Severe Anxiety - What It's Like & How To Cope

Anxiety is a disorder that affects every aspect of a person’s life. Anxiety will impact each decision, responsibility, and desire that person possesses. Each person experiences anxiety differently and at different severities. Severe anxiety has a strong negative impact on a person and will likely prevent the person from being able to enjoy many aspects of his or her life.

How Severe Anxiety Affects Day-to-Day Life

Having severe anxiety affects many different areas of a person’s life. Anxiety affects the way we interpret situations, process information and emotions, and make decisions or conclusions about different situations. A person’s behaviors and attitudes are negatively impacted because of the way his or her mind and thoughts are affected by severe anxiety.


People with severe anxiety tend to have difficulty making and maintaining relationships. For example, a person with a social phobia may have trouble opening up to a person, or may be too overwhelmed with leaving their home or deviating from their normal schedule to meet up with others. A person may also feel an overwhelming amount of pressure to present himself or herself in a way that he or she assumes is appealing to others. Because of the anxiety experienced in such situations the affected person is not able to relax and enjoy the company.

Severe anxiety also affects relationships because it can be difficult for a person who does not suffer from severe anxiety to understand what it is like to live with the symptoms. Something simple to a person without severe anxiety, like making a phone call or coping with work stress, can be very stressful or scary for someone who does suffer from anxiety. It can be confusing for someone who does not understand what it means to have severe anxiety to understand what the anxious person is feeling.

Work Performance

A symptom of severe anxiety is low self-esteem. A person with severe anxiety tends to have low confidence in himself or herself, which affects a person’s ability to perform tasks related to work. Severe anxiety creates doubts about one’s own ability to perform. This makes the stress from expectations that comes with a career can be so overwhelming that a person with anxiety has trouble with keeping up with workloads or even going to work on a consistent basis, which puts the anxious person’s employment in jeopardy.

Physical Health

Severe anxiety will take a major toll on a person’s physical and medical health. Stress tends to aggravate pre-existing medical or physical health issues. This mean that if a person who is suffering from a medical condition also suffers from severe anxiety, that anxiety will make the pre-existing medical condition worse.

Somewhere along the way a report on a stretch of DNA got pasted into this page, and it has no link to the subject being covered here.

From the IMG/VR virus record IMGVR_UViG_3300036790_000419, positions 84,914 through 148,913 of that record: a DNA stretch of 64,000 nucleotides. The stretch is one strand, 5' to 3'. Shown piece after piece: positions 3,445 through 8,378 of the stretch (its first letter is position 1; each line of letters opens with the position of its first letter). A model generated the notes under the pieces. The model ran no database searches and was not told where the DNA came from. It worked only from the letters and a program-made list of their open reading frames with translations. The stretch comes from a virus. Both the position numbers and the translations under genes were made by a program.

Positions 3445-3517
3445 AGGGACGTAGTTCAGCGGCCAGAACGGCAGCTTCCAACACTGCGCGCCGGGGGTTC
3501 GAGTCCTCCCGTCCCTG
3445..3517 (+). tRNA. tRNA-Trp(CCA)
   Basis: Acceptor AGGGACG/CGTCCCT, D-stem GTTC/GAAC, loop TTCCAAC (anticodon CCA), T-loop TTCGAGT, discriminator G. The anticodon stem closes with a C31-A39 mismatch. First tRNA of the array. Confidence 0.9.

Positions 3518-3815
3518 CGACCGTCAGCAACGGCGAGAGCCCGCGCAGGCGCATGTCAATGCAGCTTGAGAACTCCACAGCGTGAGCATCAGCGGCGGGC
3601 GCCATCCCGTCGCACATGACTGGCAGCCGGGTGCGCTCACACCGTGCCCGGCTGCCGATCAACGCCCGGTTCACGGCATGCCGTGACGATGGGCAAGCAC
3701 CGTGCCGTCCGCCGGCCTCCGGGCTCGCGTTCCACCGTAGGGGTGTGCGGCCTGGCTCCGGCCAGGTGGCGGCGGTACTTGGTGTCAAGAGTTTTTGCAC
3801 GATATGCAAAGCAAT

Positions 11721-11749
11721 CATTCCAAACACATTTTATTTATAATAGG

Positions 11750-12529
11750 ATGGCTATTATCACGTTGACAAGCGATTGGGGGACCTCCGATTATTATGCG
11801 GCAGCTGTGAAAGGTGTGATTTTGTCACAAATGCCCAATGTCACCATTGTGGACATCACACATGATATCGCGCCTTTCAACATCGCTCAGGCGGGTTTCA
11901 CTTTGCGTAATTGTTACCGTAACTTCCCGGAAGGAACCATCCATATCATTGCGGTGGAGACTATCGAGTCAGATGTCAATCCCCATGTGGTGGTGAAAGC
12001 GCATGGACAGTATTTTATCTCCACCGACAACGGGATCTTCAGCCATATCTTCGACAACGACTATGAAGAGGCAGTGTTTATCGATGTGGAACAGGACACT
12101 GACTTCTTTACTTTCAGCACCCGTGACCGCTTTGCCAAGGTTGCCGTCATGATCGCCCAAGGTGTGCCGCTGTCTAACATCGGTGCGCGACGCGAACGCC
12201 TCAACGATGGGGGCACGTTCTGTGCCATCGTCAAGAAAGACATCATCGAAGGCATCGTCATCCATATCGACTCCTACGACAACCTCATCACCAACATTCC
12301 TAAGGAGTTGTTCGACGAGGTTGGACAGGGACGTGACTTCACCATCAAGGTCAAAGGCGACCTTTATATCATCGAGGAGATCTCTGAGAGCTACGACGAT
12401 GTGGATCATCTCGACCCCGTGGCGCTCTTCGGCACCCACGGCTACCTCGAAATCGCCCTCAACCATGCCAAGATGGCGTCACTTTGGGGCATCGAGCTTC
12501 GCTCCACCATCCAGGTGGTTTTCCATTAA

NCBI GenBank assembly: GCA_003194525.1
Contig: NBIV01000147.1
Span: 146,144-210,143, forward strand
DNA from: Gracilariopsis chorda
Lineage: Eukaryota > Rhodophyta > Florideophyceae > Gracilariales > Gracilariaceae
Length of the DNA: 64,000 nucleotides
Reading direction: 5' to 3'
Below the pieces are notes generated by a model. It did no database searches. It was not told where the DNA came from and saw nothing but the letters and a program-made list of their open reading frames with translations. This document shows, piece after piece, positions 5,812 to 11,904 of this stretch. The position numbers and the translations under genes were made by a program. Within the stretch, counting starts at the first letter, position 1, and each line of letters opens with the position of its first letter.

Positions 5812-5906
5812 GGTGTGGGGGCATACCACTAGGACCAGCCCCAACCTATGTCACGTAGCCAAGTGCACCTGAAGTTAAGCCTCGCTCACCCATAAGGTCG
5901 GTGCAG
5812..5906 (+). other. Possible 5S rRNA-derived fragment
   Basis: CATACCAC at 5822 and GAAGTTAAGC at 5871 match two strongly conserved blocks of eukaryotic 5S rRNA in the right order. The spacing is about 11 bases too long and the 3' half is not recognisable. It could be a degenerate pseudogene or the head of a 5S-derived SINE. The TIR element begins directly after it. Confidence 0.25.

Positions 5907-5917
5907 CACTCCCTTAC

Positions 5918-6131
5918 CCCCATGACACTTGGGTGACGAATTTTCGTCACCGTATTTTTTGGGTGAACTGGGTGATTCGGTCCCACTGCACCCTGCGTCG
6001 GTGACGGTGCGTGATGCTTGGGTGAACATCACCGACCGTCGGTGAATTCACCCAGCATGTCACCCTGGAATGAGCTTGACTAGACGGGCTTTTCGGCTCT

An anxious person does not need to be suffering from a medical issue to have his or her health affected. Severe anxiety will also affect a person’s overall health as it takes a toll on the body and mind. The fatigue and stress that is caused by severe anxiety will result in physical health issues that cause pain or discomfort. Common physical health conditions caused by severe anxiety are:

  • Fatigue
  • Acne
  • Stress Rash
  • Anxiety Headaches
  • Muscle tension
  • Stomachaches
  • Ulcers
  • Tremors or severe shaking
  • Insomnia or sleep-related issues.

Symptoms of Severe Anxiety

The more severe the anxiety experienced the more the affected person will suffer. Those with severe anxiety will find it difficult to perform even the simplest tasks. There will be symptoms like:

  • Depression. Severe anxiety drastically increases the risk of depression. The stress that is caused by severe anxiety negatively affects a person’s overall mood. The more severe the anxiety the higher the risk of depression.
  • Panic Attacks. A panic attack can happen unexpectedly and are common with severe anxiety. A panic attack feels like a person is having a heart attack. He or she will experience dizziness, shortness of breath and chest pains. These attacks typically reach a peak and decline within 10 minutes.
  • Crying Spells. It is not uncommon for a person with severe anxiety to have crying spells. They are usually preceded by tightness in the chest or a weighted feeling on the shoulders. They can be caused by a trigger or seem to come out of nowhere. Crying spells are especially prevalent in those who also suffer from depression.
  • Nightmares. People who have severe anxiety tend to suffer from nightmares. These nightmares can be alarming to the anxious person and can cause emotional distress.
  • Night Terrors. Severe anxiety can also cause night terrors. Night terrors is a condition in which a person awakes from a deep sleep in a state of panic. A person who is suffering from night terrors often does not understand why he or she is having such symptoms and cannot attribute it to nightmares or stressful dreams. The more severe the anxiety the more intense the night terrors.